Person: Fine, Oronce
Oronce Fine was a French mathematician who published a major work on mathematics and astronomy.
Mathematical Profile (Excerpt):
- Briançon, the town of Fine's birth, was in the Dauphiné so Fine wrote under the Latin name Orontius Finaeus Delphinatus, the last of these names indicating that he came from the Dauphiné.
- We are certain of the Latin form of Fine's name since this name is on his written works, but we are less certain of the French form of his name "Fine".
- Two other forms are possible, Finee or Finé but experts on the Dauphiné are clear that Fine is the form that one would expect in that region and so we have opted for this version.
- François Fine was certainly at the University of Paris in 1472-73 since copies of lecture notes of a course on Aristotle made by him in that year still survive.
- Fine was educated at the University of Paris obtaining a medical degree from the Collège de Navarre in 1522.
- Before being awarded his medical degree, Fine had edited mathematics and astronomy books for a Paris printer.
- The first book which Fine authored himself was published in 1526 and it was on the equatorium, an instrument which Fine was very interested in and which he worked on throughout his life, writing four further texts about it.
- Fine was appointed to the chair of mathematics at the Collège Royal in Paris in 1531 and he taught there from this time until his death.
- The major work which Fine produced at almost exactly the time that he was appointed to the chair of mathematics at the Collège Royal was known as Protomathesis.
- These attempts to find better approximations to π are muddled up with Fine's attempts to square the circle.
- Like many mathematicians of his time Fine was an expert on fortifications and he worked on fortifications of Milan.
- Fine was born two years after the discovery of America and when he was three years old Vasco da Gama sailed round Africa to India.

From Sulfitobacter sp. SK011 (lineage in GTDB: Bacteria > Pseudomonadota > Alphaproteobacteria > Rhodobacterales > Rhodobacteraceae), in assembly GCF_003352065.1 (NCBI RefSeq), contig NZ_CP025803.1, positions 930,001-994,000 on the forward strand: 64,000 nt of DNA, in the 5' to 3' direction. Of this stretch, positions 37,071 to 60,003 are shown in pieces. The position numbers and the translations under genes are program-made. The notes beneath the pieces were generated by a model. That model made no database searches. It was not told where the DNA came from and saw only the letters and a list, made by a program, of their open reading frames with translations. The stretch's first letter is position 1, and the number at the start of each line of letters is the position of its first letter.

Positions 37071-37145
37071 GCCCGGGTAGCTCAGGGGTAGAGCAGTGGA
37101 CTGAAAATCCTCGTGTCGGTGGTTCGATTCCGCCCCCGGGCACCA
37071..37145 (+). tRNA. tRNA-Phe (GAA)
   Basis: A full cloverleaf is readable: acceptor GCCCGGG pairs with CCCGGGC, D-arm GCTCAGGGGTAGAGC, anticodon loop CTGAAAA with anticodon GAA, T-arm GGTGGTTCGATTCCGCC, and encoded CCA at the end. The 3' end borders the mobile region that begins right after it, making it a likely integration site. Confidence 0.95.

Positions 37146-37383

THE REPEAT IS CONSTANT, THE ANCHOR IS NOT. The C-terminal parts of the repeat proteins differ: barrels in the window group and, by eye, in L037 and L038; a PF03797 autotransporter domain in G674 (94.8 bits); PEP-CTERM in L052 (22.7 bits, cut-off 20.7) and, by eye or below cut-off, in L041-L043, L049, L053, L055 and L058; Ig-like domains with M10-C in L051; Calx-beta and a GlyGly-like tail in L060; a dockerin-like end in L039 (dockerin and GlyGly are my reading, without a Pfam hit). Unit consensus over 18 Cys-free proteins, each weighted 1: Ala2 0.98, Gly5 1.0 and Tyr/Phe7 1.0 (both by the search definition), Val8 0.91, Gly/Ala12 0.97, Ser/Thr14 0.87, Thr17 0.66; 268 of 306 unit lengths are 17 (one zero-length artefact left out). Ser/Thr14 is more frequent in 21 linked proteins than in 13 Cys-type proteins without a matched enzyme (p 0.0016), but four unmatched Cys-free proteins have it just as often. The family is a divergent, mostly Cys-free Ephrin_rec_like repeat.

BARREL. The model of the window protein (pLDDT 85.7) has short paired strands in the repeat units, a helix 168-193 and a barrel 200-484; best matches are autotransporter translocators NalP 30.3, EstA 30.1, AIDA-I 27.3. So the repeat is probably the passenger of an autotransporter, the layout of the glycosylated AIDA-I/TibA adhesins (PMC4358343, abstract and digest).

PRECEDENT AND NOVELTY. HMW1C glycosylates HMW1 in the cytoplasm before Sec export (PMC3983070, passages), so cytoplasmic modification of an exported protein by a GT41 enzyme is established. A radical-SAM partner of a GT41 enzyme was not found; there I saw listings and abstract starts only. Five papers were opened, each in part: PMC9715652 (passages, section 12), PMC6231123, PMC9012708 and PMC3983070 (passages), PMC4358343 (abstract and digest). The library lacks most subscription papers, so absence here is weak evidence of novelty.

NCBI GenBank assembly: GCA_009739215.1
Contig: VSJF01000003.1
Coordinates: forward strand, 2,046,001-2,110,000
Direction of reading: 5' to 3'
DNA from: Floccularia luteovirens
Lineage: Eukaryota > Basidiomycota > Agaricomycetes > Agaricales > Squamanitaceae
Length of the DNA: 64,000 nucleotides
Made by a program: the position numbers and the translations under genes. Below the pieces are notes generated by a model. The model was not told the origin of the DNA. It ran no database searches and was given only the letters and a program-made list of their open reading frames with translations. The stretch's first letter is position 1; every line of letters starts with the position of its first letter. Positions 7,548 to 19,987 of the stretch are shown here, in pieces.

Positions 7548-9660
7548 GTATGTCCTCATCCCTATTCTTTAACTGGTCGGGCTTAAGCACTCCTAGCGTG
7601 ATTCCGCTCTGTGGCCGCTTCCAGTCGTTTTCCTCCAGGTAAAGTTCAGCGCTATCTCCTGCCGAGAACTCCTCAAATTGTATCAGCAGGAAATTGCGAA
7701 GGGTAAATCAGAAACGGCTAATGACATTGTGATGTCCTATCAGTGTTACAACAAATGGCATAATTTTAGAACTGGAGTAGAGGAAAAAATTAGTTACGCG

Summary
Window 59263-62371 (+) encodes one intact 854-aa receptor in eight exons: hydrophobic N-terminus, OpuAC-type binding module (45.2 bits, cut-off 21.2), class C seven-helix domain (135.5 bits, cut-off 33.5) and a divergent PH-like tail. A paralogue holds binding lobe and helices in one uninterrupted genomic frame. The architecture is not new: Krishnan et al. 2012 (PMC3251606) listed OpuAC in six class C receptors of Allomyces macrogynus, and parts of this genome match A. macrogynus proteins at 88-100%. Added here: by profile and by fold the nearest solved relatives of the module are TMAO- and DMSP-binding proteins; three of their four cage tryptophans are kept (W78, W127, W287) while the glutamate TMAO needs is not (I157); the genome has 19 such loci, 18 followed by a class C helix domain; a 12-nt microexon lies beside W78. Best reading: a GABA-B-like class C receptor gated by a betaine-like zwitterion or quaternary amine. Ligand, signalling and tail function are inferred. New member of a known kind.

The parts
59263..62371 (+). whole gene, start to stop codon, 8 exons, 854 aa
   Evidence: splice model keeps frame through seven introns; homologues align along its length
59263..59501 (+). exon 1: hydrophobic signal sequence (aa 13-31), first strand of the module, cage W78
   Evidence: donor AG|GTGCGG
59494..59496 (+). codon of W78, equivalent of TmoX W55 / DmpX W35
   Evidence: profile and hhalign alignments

- It was natural therefore that Fine would be encouraged to use his mathematical skills in this task.
- In making maps, Fine had two distinct sources of information, one being the recently rediscovered maps of Ptolemy and others from that period, the other being the newly reported discoveries from his own time.
- Fine invented a map projection and, around 1519, he produced a map of the world using his heart-shaped projection.
- Fine also produced maps of France in 1525 and on another map of the world which he produced in 1531 with a double heart-shaped projection the name "Terra Australis" appears for the first time.
- Hapgood was particularly excited by Fine's 1531 map of the world and he began to develop rather amazing theories about the map.
- What struck Hapgood when he examined Fine's world map was that there was a fairly accurate representation of Antarctica on the map.
- Hapgood's theory that Fine was in possession of an ancient map, drawn at a time when Antarctica was not covered in sheets of ice, seems too ridiculous to discuss.
- However, we are still left with the problem of how Fine knew that Antarctica was there.
- The northern coast of Australia had probably been visited by Europeans by this time and the northern coast of Fine's Antarctica is probably drawn from such representations.
- There may also have been reports which did indeed represent the sighting of Antarctica and Fine put the reports together to produce a half real, half guessed, map.
- Of course this explanation puts the fact that Fine's Antarctica looks quite close to the actual Antarctica down to just good luck.
- Certainly this is evidence of Antarctica being confused with Australia and we suggest that Fine's 1531 map suffers from a similar confusion.
Born 20 December 1494, Briançon, France. Died 8 August 1555, Paris, France.
View full biography at MacTutor
Tags relevant for this person:
Ancient Greek, Astronomy, Geography, Geometry, Puzzles And Problems
Adapted from other CC BY-SA 4.0 Sources:
- O’Connor, John J; Robertson, Edmund F: MacTutor History of Mathematics Archive